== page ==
"I used to always have this stance, I call it my emergency stance," said Gibson. "I just spread out, I put my hands into here really tight to my body and then I'm saying "you're not going to strike me out, I'm going to put the ball in play. Maybe a good thing will happen."
Twenty-two years removed from one of the most iconic moments in Dodger history, Gibson has decided to put some of the memorabilia from the dramatic 1988 World Series homer up for auction.
"Some of the greatest players that ever walked the face of the earth played out here, football, basketball, baseball, hockey, whatever," said former Dodgers Manager Tommy Lasorda. "That was voted number one because of the drama."
Opening bids will be taken online at SCPAuctions.com starting next week. The helmet and bat could go for $200,000 each.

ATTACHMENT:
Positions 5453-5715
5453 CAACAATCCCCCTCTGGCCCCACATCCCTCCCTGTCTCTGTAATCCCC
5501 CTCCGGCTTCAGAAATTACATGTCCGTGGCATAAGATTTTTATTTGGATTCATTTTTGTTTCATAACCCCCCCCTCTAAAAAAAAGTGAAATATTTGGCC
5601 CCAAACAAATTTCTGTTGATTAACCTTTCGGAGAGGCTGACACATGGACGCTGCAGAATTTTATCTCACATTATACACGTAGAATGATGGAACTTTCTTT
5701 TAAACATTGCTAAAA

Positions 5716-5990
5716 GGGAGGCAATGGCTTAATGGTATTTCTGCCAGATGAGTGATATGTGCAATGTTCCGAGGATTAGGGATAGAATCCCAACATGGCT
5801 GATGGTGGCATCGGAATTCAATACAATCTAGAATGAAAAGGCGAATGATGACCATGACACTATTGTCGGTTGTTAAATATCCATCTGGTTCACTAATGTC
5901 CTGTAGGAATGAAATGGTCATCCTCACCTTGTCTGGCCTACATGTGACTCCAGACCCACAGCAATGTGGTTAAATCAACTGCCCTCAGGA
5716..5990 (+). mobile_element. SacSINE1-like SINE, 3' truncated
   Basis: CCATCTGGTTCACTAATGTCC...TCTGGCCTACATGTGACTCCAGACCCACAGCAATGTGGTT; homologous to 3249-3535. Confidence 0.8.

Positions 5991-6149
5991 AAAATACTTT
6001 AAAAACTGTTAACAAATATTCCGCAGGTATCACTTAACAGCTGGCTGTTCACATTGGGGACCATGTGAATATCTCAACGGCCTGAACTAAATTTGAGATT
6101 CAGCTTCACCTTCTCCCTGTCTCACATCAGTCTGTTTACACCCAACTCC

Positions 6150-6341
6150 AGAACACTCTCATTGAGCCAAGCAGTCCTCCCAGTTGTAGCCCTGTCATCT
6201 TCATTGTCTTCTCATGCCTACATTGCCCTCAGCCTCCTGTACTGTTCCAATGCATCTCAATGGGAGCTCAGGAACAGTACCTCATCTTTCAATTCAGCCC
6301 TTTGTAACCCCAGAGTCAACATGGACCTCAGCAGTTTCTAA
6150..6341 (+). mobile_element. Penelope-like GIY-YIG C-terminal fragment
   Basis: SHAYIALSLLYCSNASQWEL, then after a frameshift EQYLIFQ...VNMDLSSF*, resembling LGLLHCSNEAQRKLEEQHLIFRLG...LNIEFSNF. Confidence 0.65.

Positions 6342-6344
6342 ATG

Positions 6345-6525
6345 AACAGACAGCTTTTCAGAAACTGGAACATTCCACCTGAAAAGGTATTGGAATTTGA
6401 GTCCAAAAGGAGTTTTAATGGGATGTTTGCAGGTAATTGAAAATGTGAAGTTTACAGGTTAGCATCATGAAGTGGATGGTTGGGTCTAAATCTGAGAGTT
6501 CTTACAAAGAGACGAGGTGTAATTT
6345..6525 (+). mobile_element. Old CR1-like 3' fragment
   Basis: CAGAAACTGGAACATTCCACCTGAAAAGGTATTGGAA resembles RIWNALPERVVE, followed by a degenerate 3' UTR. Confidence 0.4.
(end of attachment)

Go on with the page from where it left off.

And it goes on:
"That kind of pricing will buy you the Babe Ruth Dodger coach's uniform or one of DiMaggio's uniforms," said sports-museum owner Gary Cypres.
There are actual cleat marks on the bat from Gibson hitting his shoes after every foul pitch. It of course is loaded with pine tar and has a little "X" on the knob. It was a defective bat because Gibson needed something light to swing
"Everything about that bat, it's like a painting. It's like a story," said Gibson. "It will tell you the whole thing. It's really cool."
It's still really cool.